Though progressive in these respects, Jacobus Sylvius clung to many of the antiquated concepts promulgated by the Greek physician Galen, whose writings he idolized and which brought him into conflict with his younger pupils. He became embroiled in an argument with his former pupil, Andreas Vesalius, and carried the dispute so far as to later write to his employer, the Holy Roman Emperor Charles V, asking him to punish severely “this worst example of ignorance, ingratitude, arrogance, and impiety, to suppress him so that he may not poison the rest of Europe with his pestilential breath.”

Jacobus Sylvius was regarded as the foremost anatomist of his time. He was an effective teacher but was not liked. He was stingy, intolerant, and vindictive, feeding his servants only bread and water, and refusing to keep a fire going during the notoriously cold Parisian winters. In his later years his students ridiculed him, and he tends to have become forgotten largely because of his personality.


Portrait etching of Franciscus Sylvius (Franz de le Boë), a man with curly hair under a small cap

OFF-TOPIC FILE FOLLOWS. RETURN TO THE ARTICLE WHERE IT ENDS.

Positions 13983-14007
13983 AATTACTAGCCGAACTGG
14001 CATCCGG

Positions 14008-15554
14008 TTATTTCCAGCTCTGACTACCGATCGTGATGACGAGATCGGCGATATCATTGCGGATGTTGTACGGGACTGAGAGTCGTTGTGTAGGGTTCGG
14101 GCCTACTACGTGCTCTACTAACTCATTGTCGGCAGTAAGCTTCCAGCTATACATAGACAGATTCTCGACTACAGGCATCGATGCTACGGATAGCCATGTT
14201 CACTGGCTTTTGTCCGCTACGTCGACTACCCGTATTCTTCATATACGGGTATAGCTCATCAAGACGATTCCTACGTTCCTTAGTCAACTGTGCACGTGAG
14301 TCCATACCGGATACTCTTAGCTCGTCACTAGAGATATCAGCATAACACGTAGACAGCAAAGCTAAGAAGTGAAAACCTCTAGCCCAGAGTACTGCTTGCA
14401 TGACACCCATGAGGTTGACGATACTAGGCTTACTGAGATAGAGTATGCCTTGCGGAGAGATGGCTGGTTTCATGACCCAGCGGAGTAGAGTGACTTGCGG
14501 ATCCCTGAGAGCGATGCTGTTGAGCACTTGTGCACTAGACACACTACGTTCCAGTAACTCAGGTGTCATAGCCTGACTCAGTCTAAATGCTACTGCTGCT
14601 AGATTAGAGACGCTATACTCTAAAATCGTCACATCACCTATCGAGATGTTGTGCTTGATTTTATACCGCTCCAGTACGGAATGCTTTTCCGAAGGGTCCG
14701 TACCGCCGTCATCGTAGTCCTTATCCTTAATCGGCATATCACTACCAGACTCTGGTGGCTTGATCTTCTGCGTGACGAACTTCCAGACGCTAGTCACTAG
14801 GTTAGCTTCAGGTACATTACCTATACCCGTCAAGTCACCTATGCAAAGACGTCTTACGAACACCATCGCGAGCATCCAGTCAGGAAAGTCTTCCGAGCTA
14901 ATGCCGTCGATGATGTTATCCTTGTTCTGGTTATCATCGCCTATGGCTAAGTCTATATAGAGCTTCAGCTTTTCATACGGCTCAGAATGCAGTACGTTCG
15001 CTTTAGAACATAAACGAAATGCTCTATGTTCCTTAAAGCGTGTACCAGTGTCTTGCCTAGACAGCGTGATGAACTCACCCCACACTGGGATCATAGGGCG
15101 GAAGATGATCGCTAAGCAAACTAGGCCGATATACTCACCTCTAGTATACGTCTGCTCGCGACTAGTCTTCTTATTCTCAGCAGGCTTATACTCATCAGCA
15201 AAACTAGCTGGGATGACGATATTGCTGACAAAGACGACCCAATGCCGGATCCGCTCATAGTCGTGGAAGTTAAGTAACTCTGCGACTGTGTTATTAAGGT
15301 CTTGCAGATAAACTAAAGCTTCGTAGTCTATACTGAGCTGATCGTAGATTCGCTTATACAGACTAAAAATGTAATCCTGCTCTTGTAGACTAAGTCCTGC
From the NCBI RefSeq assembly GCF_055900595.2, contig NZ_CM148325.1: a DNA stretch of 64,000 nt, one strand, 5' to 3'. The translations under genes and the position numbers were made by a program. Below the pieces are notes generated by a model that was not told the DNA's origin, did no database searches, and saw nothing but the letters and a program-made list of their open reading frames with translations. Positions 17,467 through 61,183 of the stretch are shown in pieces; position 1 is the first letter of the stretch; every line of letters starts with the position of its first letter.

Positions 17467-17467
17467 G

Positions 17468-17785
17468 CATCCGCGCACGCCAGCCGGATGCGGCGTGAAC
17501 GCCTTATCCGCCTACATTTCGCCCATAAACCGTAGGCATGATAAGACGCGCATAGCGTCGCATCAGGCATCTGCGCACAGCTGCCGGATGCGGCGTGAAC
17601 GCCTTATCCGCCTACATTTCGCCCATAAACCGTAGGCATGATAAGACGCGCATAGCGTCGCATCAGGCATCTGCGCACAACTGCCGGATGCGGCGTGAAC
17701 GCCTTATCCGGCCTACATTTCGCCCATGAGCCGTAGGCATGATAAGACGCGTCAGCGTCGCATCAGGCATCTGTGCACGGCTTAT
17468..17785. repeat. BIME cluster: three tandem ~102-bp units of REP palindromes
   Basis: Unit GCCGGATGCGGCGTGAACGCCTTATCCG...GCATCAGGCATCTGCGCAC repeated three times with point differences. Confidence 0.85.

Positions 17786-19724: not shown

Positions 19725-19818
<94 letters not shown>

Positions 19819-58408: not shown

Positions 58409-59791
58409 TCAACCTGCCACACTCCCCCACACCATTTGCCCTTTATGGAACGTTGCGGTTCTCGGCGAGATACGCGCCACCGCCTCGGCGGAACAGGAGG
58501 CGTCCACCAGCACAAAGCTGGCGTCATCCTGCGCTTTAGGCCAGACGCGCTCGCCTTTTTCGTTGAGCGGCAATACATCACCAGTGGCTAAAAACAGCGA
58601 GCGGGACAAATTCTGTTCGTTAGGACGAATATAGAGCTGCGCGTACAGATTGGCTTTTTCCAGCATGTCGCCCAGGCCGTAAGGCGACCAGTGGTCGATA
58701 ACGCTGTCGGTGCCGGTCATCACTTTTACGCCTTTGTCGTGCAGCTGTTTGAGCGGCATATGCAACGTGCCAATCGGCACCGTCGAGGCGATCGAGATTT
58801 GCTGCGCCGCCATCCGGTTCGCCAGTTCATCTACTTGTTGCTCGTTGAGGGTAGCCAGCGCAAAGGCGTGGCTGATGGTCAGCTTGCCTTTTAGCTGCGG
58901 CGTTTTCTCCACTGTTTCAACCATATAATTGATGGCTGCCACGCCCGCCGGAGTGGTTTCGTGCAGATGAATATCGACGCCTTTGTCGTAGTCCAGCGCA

Franciscus Sylvius (Franz de le Boë). Rijksmuseum. Via Wikimedia.

Franciscus Sylvius (1614–1672)3

This was the nice Sylvius, Franciscus. Born in Hanau, Germany, as Franz de le Boë almost 150 years after his namesake Jacobus, he came from a Du Bois Protestant family that originally lived in Cambrai and left France for religious reasons.3 He studied in various universities in Europe, and after briefly practicing medicine in his hometown of Hanau, moved to the Netherlands in 1639 and became lecturer in anatomy in Leiden. After 1641 he had a successful practice in Amsterdam. He returned to Leiden in 1658 as a professor of anatomy, working for an unusually high annual salary of 1,800 guilders, twice the going rate at the time. But he was popular with students, whom he attracted from all over Europe, and was one of the first doctors to have them accompany him on ward rounds and to teach by the Socratic method of questions and answers.3 He promoted the study of anatomy by dissection, described the dural venous sinuses, and was an enthusiastic supporter of William Harvey’s (1604–1649) new theory of the circulation of the blood, using dogs to demonstrate its validity.1